Stigma and discrimination play significant roles in the development and maintenance of the HIV epidemic. It is well documented that people living with HIV and AIDS experience stigma and discrimination on an ongoing basis. This impact goes beyond individuals infected with HIV to reach broadly into society, both disrupting the functioning of communities and complicating prevention and treatment of HIV. This paper reviews the available scientific literature on HIV / AIDS and stigma in South Africa, as well as press reports on the same subject over a period of 3 years. Analysis of this material indicates that stigma drives HIV out of the public sight, so reducing the pressure for behaviour change. Stigma also introduces a desire not to know one's own status, thus delaying testing and accessing treatment. At an individual level stigma undermines the person's identity and capacity to cope with the disease. Fear of discrimination limits the possibility of disclosure even to potential important sources of support such as family and friends. Finally, stigma impacts on behaviour change as it limits the possibility of using certain safer sexual practices. Behaviour such as wanting to use condoms could be seen as a marker of HIV, leading to rejection and stigma. All interventions need to address stigma as part of their focus. However, the difficulty of the task should not be underestimated, as has been shown by the persistence of discrimination based on factors such as race, gender and sexual orientation.
Source: SAHARA : Journal of Social Aspects of HIV / AIDS Research Alliance 1, pp 165 –174 (2004)More Less
According to anecdotal reports, AIDS stigma and discrimination continue to influence people living with and affected by HIV disease as well as their health care providers, particularly in southern Africa where the burden of AIDS is so significant. Stigma is perceived as a major limiting factor in primary and secondary HIV / AIDS prevention and care. It reportedly interferes with voluntary testing and counselling, and with accessing care and treatments, thereby increasing suffering and shortening lives. Many health care workers in southern Africa have come to the conclusion that unless stigma is conquered, the illness will not be defeated. While there is substantial anecdotal evidence of the impact of stigma on AIDS care, very little rigorous research has been conducted. This article explores three questions: What is AIDS stigma? What is the impact of AIDS stigma? How can health care providers help to manage AIDS stigma?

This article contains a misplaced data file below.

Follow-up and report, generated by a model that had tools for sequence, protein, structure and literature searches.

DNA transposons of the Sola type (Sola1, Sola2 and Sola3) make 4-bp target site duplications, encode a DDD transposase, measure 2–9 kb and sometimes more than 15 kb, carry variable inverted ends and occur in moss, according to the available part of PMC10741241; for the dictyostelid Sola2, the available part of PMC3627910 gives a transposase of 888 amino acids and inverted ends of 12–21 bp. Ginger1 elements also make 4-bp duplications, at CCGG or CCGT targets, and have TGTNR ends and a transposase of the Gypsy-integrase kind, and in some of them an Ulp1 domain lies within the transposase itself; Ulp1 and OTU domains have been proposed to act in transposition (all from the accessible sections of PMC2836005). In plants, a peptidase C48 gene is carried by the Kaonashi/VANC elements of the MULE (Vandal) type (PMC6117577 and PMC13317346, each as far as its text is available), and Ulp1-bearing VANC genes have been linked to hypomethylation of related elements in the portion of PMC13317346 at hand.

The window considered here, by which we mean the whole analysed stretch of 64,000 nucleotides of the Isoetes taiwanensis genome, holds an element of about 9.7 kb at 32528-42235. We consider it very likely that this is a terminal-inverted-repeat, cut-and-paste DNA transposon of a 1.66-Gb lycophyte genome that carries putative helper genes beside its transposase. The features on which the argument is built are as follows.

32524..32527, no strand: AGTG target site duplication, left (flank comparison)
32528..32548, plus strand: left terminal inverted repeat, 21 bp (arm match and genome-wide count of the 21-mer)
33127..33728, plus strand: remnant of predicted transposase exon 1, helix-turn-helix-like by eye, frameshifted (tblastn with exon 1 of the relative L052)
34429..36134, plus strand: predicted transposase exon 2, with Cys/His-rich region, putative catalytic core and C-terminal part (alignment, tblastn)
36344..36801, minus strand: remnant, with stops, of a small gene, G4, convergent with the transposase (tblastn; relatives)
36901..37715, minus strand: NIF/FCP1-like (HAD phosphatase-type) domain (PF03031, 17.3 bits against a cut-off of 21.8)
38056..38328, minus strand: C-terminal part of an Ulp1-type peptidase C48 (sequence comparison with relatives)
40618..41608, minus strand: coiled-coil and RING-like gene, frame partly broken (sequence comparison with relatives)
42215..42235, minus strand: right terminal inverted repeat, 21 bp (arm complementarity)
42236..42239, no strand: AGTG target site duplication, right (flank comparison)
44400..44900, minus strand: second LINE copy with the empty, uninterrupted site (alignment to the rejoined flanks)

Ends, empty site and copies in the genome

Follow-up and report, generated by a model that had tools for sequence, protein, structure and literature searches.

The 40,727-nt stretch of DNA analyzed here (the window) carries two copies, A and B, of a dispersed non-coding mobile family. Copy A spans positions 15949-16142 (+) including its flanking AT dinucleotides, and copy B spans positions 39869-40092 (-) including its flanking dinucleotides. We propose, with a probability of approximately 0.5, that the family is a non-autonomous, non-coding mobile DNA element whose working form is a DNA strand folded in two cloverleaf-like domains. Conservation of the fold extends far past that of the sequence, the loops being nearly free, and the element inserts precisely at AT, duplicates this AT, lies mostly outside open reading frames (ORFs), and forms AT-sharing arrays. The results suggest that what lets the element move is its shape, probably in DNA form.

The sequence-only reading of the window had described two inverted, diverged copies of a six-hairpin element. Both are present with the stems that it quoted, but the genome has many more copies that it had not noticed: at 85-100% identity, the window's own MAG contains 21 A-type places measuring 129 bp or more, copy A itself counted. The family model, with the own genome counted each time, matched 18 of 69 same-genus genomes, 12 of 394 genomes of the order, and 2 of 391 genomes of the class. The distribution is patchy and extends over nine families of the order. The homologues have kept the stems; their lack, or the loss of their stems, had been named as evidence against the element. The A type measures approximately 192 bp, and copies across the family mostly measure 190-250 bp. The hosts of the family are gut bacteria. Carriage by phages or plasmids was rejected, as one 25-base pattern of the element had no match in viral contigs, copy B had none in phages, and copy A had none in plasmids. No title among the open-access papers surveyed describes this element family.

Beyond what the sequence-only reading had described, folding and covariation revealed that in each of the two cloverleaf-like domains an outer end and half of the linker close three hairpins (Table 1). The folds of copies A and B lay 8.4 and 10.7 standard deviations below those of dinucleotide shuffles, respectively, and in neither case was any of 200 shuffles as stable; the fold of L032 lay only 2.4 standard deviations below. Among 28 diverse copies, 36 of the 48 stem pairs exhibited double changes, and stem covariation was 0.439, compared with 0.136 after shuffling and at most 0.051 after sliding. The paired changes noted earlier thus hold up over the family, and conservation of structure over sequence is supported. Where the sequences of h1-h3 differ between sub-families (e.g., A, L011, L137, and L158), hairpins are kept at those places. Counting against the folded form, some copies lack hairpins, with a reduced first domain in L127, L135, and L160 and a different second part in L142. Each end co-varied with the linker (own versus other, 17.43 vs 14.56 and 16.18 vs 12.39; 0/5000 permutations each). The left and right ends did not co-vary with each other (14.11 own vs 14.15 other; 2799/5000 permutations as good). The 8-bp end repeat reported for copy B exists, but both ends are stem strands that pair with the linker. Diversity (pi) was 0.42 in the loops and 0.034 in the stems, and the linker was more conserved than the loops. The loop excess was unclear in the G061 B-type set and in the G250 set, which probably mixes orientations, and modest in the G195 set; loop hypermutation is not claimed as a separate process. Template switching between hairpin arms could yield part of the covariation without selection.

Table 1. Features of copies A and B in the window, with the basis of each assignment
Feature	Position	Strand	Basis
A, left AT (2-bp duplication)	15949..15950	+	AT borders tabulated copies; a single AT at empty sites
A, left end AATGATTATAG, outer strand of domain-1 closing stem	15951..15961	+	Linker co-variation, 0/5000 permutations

The meaning and challenge of voluntary counselling and testing (VCT) for counsellors : report of the Kenya Association of Professional Counsellors (KAPC) conference for sub-Saharan Africa : conference reportSource: SAHARA : Journal of Social Aspects of HIV / AIDS Research Alliance 1, pp 175 –181 (2004)More Less
A large number of voluntary counselling and testing (VCT) sites are being opened in sub-Saharan Africa. The services provided by these sites are playing an increasingly important role in the prevention of HIV / AIDS. The sites offer many possibilities and it is crucial that they provide the optimum services for clients. Counselling is an integral part of these services, yet it receives little attention. Counsellors need to be consulted if the optimum services are to be provided, but they are rarely consulted for their professional opinion. Accordingly, the Kenya Association of Professional Counsellors (KAPC) organised a 3-day conference in September 2002 to provide counsellors, drawn from the sub-Saharan region, with a forum to identify VCT-related issues and discuss their implications. The main aim of the conference was for counsellors to arrive at a consensual position regarding HIV / AIDS and what improvements they thought could be made for the VCT services to clients. The counsellors identified the issues that they considered important and this paper presents those issues together with recommendations regarding improvements.